PST boasts three centerpiece exhibitions—one at the Getty Museum itself, one at the Museum of Contemporary Art San Diego’s two locations, and one at MoCA in downtown Los Angeles. “Crosscurrents in L.A. Painting and Sculpture, 1950-70″ (through Feb. 5) at the Getty is an elegant Cliffs Notes introduction. The show includes the sharply poetic, hard-edge abstract paintings (by Frederick Hammersley, Helen Lundeberg and others) that got the Los Angeles scene rolling in the 1950s; a choice selection of spooky assemblages by George Herms, the underknown black artist Ed Bereal (and, as always implicit throughout this account, “and others”); a roomful of big, airy abstract paintings by the not underknown Richard Diebenkorn and Sam Francis, and an assortment of what, back in the day, was called “fantastic object” sculpture in plastic and cast resin by Craig Kauffman and DeWaine Valentine. And what authoritative Los Angeles show could be without an Ed Ruscha “Standard Station” Pop painting? Certainly not the Getty’s table-setter.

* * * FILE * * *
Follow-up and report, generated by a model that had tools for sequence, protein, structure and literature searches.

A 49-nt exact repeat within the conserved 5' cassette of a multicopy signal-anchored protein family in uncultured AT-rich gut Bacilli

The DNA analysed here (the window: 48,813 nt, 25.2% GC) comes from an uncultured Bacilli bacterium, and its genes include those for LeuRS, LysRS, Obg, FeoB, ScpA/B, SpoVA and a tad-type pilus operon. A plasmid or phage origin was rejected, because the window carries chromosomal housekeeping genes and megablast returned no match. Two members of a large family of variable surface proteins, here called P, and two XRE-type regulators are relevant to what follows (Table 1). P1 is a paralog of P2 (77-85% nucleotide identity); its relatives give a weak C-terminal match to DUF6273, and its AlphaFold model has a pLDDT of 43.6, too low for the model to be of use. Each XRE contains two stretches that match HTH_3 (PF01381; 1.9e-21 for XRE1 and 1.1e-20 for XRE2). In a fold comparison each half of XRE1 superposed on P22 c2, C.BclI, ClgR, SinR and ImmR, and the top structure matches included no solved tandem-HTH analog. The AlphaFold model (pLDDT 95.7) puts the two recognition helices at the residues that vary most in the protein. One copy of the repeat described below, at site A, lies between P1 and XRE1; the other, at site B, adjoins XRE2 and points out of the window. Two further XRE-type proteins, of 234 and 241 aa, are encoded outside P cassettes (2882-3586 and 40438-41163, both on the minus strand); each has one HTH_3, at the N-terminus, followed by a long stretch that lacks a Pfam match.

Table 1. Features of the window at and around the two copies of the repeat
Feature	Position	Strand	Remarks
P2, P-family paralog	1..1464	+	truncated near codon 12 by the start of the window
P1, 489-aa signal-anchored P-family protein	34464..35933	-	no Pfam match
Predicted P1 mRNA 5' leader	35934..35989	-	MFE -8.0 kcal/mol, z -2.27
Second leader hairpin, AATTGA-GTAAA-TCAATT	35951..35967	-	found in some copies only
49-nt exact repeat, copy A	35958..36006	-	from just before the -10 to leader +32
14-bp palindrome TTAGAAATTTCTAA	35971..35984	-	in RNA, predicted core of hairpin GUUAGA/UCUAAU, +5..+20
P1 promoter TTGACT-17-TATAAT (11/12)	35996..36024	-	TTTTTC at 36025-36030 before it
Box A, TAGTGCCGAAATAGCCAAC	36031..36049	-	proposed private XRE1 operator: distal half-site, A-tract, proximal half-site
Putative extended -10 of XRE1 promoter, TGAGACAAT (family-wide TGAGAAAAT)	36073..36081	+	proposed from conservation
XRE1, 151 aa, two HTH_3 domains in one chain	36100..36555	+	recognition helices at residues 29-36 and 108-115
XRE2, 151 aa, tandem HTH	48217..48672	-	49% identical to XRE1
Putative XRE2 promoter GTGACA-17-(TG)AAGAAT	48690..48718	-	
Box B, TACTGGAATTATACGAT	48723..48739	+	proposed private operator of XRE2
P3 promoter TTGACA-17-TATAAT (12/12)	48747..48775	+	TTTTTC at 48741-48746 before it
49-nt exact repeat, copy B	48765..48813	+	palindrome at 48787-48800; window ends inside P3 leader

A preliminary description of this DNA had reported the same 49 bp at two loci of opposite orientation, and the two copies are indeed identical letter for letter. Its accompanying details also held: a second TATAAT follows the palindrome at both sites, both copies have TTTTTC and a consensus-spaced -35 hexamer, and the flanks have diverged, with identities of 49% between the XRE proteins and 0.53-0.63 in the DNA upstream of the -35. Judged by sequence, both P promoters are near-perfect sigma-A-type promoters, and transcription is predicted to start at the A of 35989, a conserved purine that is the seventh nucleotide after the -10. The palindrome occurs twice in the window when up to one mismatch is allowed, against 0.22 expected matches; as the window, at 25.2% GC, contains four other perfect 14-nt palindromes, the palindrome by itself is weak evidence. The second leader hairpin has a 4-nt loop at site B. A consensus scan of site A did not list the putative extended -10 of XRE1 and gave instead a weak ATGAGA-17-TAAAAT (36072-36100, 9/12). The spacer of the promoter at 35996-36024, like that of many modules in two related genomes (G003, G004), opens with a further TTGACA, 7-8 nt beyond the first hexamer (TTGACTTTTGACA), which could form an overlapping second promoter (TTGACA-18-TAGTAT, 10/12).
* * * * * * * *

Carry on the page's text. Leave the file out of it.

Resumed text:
“Phenomenal: California Light, Space, Surface” (through Jan. 22), at both MCASD’s downtown branch and its original La Jolla location, is the most visually satisfying meal on the PST menu. That’s partly because of the nature of the art—lovingly austere and mystically colorful abstract sculpture and atmospheric environments—and partly because the artists (Larry Bell, Mary Corse, Robert Irwin, Craig Kauffman, James Turrell, Doug Wheeler, et al.) were so talented. And boy, were they young! Ms. Corse was only 20 when she ventured into lyrically all-white minimalist paintings (later to be deliciously complicated by the inclusion of highway-sign reflectivity) that make Robert Ryman seem like a Victorian schoolmaster by comparison. Kauffman, with his techno-lush plastic reliefs, emerges as the premiere object-maker of 1960s cutting-edge Los Angeles art. And the best works I encountered in my 500-mile pilgrimage were Mr. Turrell’s “Stuck Red” and “Stuck Blue” (both 1970), two brilliant vertical rectangles of light on separated walls. At first you think they’re merely projections, but then . . . sorry, you really have to see them for yourself. Messrs. Irwin, Turrell and Wheeler, in particular, manipulated light and space to create experiences, instead of objects, as works of art. Their pieces were, in my opinion, Southern California’s greatest contributions to art before 1980.